Call it an allegory for the age of climate change, or just dumb luck, but Mercedes is no longer undefeated as F1 heads to Britain.
Formula One employs a lot of smart people but, in the end, it was not the big brains at Red Bull or Ferrari that brought Mercedes to its knees.
It was the force of Mother Nature.
Call it an allegory for the age of climate change, if you like. Or just dumb luck. Or bad luck, depending on your point of view.
Whatever. The point is, going into this weekend’s British Grand Prix, the mighty Silver Arrows are no longer undefeated.
Their perfect start to the campaign came to an unexpected end at stop No. 9 in Austria on June 30, after 10 straight wins going back to last season.
Max Verstappen took the widely popular win for the home team at the Red Bull Ring with an aggressive move on Ferrari’s Charles Leclerc with three laps to go in front of grandstands packed with orange-clad supporters of the young Dutchman.
It was heart-stopping stuff, the kind of wheel-to-wheel battle everyone in F1 wants to see.
Except for the stewards, of course. Not for the first time this season, they tried to steal the spotlight with an investigation into the clash that, in this case, lasted a mind-numbing three-plus hours before they rendered a verdict.
At least they got the decision right this time and upheld the victory for the guy who actually crossed the finish line first — unlike the travesty in Montreal, where second-place Lewis Hamilton was declared the winner thanks to a five-second penalty given to Sebastian Vettel.
Really, these guys need to get out of the way.
Anyway, in Austria, championship leader Hamilton could do no better than fifth, just behind Ferrari’s Vettel and Mercedes teammate Valtteri Bottas in third.
Leading up to the Grand Prix, I suggested in this space that no team was capable of beating the silver cars on merit, that only extraordinary circumstances would deny Hamilton or Bottas the victory.
That’s certainly how it played out, with Mercedes revealing both drivers were forced to “lift and coast” for significant portions of the race to avoid having their cars overheat as the ambient temperature climbed to an unexpected 35 degrees Celsius in the Styrian mountains.
The cooling issues were not new, apparently; team boss Toto Wolff said “we were carrying the problem since the beginning of the season” and efforts had begun to find a fix before the onset of intense summer temperatures.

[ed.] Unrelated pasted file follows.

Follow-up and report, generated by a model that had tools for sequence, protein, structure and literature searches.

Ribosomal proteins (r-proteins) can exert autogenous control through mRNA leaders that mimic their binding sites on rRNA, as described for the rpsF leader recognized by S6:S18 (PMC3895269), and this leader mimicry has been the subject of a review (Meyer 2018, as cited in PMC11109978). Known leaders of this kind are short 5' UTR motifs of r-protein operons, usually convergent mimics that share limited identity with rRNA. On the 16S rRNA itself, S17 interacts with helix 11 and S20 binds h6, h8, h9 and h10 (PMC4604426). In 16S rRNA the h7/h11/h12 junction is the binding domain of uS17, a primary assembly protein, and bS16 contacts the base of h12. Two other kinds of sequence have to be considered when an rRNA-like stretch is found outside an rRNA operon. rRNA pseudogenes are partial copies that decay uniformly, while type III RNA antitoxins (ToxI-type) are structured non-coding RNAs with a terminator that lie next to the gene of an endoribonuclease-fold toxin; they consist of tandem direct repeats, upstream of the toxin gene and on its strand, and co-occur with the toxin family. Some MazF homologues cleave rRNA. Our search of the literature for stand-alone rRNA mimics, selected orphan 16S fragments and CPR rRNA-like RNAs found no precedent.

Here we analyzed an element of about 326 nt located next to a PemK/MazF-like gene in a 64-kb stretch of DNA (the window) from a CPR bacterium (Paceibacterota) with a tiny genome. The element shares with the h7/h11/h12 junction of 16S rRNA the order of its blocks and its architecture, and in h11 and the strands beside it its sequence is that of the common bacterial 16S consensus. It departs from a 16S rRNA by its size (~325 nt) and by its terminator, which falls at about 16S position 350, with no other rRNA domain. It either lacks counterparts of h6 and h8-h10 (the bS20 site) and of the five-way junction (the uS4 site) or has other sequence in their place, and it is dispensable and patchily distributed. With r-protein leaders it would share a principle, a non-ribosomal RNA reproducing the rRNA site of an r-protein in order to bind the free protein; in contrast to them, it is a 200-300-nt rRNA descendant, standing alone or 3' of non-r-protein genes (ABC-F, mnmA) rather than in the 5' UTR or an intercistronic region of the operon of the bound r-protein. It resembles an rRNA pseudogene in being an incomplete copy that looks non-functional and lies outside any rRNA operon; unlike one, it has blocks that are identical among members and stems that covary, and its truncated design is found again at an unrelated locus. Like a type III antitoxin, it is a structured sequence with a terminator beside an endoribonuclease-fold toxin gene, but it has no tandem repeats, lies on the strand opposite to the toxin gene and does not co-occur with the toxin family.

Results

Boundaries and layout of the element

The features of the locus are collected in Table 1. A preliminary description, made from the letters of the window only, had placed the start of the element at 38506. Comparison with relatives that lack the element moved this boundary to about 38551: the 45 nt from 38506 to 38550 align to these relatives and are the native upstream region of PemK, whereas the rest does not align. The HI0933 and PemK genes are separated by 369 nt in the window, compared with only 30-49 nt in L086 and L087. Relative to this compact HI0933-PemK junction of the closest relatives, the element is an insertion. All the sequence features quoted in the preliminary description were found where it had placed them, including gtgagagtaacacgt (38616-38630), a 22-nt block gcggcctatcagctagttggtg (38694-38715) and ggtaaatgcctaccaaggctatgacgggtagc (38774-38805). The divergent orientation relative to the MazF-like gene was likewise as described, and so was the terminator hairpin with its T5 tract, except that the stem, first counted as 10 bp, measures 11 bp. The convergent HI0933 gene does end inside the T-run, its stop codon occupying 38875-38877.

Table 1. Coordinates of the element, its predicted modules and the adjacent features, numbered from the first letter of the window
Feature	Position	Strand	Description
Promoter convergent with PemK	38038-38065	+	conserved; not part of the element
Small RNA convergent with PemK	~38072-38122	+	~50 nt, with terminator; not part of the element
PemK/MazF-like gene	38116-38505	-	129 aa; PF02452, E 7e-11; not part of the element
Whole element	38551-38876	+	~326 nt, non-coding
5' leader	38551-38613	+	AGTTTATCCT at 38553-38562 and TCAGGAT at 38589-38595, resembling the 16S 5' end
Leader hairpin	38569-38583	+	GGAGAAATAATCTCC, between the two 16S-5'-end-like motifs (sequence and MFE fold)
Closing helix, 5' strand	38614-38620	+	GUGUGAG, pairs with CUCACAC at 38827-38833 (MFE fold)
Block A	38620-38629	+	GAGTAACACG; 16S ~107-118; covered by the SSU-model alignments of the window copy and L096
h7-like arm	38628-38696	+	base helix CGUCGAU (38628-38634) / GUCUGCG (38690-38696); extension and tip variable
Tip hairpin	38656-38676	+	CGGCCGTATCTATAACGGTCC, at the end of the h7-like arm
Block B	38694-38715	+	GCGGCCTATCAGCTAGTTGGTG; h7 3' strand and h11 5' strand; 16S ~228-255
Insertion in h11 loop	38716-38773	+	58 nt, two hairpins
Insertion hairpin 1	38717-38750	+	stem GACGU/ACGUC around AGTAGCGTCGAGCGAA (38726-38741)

Trouble is, these days, you never know what Mother Nature will throw at you and when, and Mercedes was caught out in Austria.
If what Wolff says is true, the good news for rivals is there is no easy remedy for an overheating F1 car. It’s not as simple as bolting on a bigger radiator. For one thing, there’s no room. And not just the engine needs to be cooled, but sensitive high-tech components front to back.
Of course, F1 cars are designed to account for varying weather conditions across a calendar that spans nine months and 21 venues around the world, from the Ardennes forest in Belgium to the desert in Bahrain. Bodywork “exits” can be peeled back to allow more air flow when necessary.
But these did not do the job for Mercedes in Austria, evidently. You can always punch more holes in the bodywork, but then you risk compromising aerodynamic performance. Turn down the engine and, well, you’re going to be slower. Lift and coast? Duh.
So it’s tricky. Lucky for Mercedes, temperatures should not be an issue this weekend at the Silverstone Circuit in central England. The forecast for race day calls for a high of 21 C, light cloud and a gentle breeze.
But next comes Hockenheim, in Germany, followed by Hungary, and who knows what’s in store at those places and beyond. Remember, France hit its highest recorded temperature — 45.9 C — amid the recent heat wave in Europe.
The good news for Mercedes and its fans is no team seems better at troubleshooting in a hurry. If there’s a problem, you sense a fix is never far behind, whereas others with similar resources can spend months or years spinning their wheels (ciao, Ferrari).
As for this weekend, the silver squad seems to be back on the right track, with Bottas topping the time sheets just ahead of Hamilton during Friday afternoon practice.
Several drivers veered off track as they struggled with reduced grip on a newly paved circuit and unpredictable gusts of wind that, as Williams driver George Russell put it, could “make you look like an idiot.”
Yes, Mother Nature can do that.
AT A GLANCE
British Grand Prix live coverage. Qualifying: Saturday at 8 a.m. on TSN3, TSN5; 8:45 a.m. on RDS. Race: Sunday at 7:30 a.m. on TSN3, TSN5; 8:30 a.m. on RDS.